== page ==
Apr 8 2011

State Map Shows Landslide Potential in Blair Park

A 2003 map of the State of California Seismic Hazard Zones covering  East Oakland, which includes Piedmont, shows areas prone to liquefaction or landslides. As shown on the map below, parts of Blair Park  are specifically indicated  in blue as a potential landslide area.

The City Council and Commissions have paid much attention to Moraga Avenue traffic safety, but less attention to potential landslides in Blair Park. Recent heavy  rains have caused landslides in a number of Bay Area cities.  Homes have been evacuated and cordoned off, and the potential for landslides on California hillsides has been in the headlines. The  enormous earthquakes off the coast of Japan have aroused further interest in potential earthquakes in Piedmont,  particularly Blair Park which is located 2700 feet west of the Hayward Fault.

After voting 4-1 on March 21 to move ahead with the Piedmont Recreation Facilities Organization (PRFO) plan to develop sports fields in Blair Park, the City Council delayed a final vote until City staff and PRFO consultants provided more information, primarily on a newly proposed concept by PRFO to install a pedestrian-operated light and crosswalk on Moraga Ave. (Although this idea was mentioned in the project Environmental Impact Report, it has never been studied by PRFO or the City.) The Council also asked for more information on legal  indemnification of the City  from potential lawsuits, detailed project plans and drawings which have not been made available previously, and other information.

One important issue requiring further study is the geological condition of the Blair Park hillside.  Thorough and accurate geological data is imperative to safeguard everyone using the park, as well as the Moraga Avenue roadway and the homes directly above the Park, both during and after construction.  To date, soil testing of the development area has been done on a limited basis.  The Council has not specified if further geological information would be obtained and presented.  Risk assessments for these hazards have not been provided.

Piedmonters are keenly aware of the expensive problem caused by lack of geological testing prior to the City-approved contract for the Piedmont Hills undergrounding district.  Piedmont taxpayers were stuck with a bill of over $2.2 million when extensive bedrock was discovered in the construction area, despite the fact that USGS maps showing rock in the excavation area were available when the construction contract was developed and signed, yet were not consulted.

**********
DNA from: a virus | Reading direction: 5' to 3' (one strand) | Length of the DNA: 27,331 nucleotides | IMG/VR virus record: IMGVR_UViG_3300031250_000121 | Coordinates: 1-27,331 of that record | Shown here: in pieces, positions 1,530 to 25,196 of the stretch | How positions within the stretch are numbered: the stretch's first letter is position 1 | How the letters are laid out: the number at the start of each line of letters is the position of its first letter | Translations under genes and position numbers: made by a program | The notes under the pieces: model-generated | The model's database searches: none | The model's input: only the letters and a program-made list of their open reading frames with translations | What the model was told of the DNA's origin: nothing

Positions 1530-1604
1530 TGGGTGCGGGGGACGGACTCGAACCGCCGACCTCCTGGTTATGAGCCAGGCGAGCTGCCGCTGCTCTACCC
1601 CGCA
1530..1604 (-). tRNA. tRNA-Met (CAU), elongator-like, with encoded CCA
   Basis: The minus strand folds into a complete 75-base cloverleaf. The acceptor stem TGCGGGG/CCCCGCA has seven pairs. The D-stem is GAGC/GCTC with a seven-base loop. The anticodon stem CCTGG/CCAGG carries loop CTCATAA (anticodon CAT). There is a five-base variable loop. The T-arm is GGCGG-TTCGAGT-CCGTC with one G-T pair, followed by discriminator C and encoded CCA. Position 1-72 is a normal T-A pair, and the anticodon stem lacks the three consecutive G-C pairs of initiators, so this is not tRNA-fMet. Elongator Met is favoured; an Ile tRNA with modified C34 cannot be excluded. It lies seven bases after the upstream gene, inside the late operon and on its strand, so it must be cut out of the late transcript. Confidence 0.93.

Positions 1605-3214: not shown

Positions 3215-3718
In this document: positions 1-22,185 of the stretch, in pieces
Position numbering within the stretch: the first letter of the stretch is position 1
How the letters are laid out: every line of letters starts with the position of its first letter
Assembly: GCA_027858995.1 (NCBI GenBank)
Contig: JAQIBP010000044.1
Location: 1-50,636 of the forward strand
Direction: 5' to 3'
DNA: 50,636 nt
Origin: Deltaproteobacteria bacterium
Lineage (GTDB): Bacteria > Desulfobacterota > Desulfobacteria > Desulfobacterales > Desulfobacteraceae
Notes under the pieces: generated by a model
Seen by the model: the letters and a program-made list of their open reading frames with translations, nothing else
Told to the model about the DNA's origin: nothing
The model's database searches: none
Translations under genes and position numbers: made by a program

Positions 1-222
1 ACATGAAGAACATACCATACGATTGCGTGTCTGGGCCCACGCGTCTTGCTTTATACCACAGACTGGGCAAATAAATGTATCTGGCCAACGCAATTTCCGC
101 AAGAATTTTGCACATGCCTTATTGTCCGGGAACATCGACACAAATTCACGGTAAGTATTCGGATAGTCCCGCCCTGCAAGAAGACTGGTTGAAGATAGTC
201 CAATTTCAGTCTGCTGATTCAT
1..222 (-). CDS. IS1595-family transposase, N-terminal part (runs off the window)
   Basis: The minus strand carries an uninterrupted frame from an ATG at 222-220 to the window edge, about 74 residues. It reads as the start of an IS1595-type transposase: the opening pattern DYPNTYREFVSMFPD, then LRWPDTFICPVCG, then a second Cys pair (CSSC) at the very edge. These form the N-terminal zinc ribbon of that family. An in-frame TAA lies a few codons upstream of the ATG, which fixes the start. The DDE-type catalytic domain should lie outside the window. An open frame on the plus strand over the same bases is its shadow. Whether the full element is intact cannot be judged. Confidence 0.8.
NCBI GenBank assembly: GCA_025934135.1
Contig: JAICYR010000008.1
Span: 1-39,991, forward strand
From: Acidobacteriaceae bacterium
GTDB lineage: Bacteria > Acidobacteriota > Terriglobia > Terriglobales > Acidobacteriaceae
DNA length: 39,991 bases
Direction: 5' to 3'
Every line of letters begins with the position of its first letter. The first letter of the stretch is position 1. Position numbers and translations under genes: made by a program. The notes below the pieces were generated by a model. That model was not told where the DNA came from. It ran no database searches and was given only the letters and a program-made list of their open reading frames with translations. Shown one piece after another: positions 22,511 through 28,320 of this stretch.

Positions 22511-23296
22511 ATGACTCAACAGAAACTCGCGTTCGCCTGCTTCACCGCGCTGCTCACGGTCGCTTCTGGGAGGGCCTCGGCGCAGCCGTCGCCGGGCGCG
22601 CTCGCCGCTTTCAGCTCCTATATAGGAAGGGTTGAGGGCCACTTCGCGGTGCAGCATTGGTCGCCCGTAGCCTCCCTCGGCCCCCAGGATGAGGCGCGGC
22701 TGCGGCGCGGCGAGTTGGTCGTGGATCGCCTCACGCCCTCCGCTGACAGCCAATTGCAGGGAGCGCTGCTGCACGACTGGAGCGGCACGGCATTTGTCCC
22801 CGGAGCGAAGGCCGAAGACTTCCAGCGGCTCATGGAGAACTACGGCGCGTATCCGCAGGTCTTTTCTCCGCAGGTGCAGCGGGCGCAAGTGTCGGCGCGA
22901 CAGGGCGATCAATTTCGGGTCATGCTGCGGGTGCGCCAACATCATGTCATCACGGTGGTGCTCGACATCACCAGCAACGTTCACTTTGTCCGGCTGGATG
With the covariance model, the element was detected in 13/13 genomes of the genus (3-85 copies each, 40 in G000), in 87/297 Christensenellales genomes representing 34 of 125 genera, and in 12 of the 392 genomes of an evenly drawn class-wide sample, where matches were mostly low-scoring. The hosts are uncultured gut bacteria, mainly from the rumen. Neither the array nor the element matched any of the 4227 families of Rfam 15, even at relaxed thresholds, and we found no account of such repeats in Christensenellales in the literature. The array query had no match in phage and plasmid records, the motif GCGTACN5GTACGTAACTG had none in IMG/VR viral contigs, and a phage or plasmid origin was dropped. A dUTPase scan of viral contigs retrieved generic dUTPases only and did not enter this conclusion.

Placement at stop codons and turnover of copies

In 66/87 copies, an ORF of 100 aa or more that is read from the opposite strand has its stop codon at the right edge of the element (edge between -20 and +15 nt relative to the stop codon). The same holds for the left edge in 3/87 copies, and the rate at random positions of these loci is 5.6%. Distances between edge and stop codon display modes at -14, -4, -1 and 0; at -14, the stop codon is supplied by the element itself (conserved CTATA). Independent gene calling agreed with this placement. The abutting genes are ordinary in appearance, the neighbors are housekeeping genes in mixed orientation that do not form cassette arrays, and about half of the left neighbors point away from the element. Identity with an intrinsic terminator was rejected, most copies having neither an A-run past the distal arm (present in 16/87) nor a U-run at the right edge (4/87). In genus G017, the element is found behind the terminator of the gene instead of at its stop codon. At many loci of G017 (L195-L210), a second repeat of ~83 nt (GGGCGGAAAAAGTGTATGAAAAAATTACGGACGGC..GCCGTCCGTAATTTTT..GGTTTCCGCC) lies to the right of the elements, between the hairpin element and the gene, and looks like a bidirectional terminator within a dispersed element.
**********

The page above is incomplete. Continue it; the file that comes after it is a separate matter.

Given the great concern for children’s safety in Piedmont, as illustrated by a voter-approved seismic safety bond to retrofit and rebuild school buildings, geological conditions in Blair Park must be a primary concern.   Will all relevant geological evaluations and risk assessments be thoroughly examined prior to approval of any project to ensure the project will not become a landslide disaster?

Below is a larger map illustrating where Blair Park is relative to the designated areas for potential landslides.

Map Details: Shaded in blue is the hillside surrounding and a part of the proposed Blair Park sports facility.  The proposal requires cutting into the hillside, removing the toe of the hill, and constructing a 35- foot high retaining wall.  Homes are built directly on top of the blue shaded landslide designated area.  The Moraga Avenue roadway, as well as a portion of the area where the sports facility will be built, are shown in white and are currently considered stable land.  To see the entire map of the area go to the following link.


2 Responses to “State Map Shows Landslide Potential in Blair Park”

  1. It looks like the worst area is the Oakland part at the top of Moraga Canyon. Better get those houses between Harbord and Estates out of the canyon now!!

    If you look at the large map you’ll notice that much of the Montclair area contains much more landslide potential (blue areas). You have to weight risks and probablity. In an earthquake, I’d rather my kids be on an open soccer field than in one of those houses on the hillside.

  2. Montclair does contain more “blue” area but as a percentage of total area, Blair Park appears to have a significantly greater percentage of landslide potential than Montclair or any surrounding neighborhood and certainly more than any Piedmont neighborhood. Maybe playing in the canyon in not the safest place for kids!

    In truth, Piedmont children would be safer on the open field than in the households during an earthquake but people (and children) spend the majority of their days indoors so “living” on the soccer field is not really an option. The odds are that most people will be indoors when the earthquake comes so the likelihood that children will be protected by being on a soccer field is highly remote.

    The issue that this map brings to light is not safety from landslide but the liability the city takes on by developing this facility in a landslide zone. That liability extends to the homes above Blair Park as well as the city’s own insurance on the facility. I don’t recall the EIR addressing hillside destabilization as a result of construction of the retaining wall. Obviously, the alternative options that require less hillside excavation and tiebacks reduce the city’s liability from hillside destabilization.

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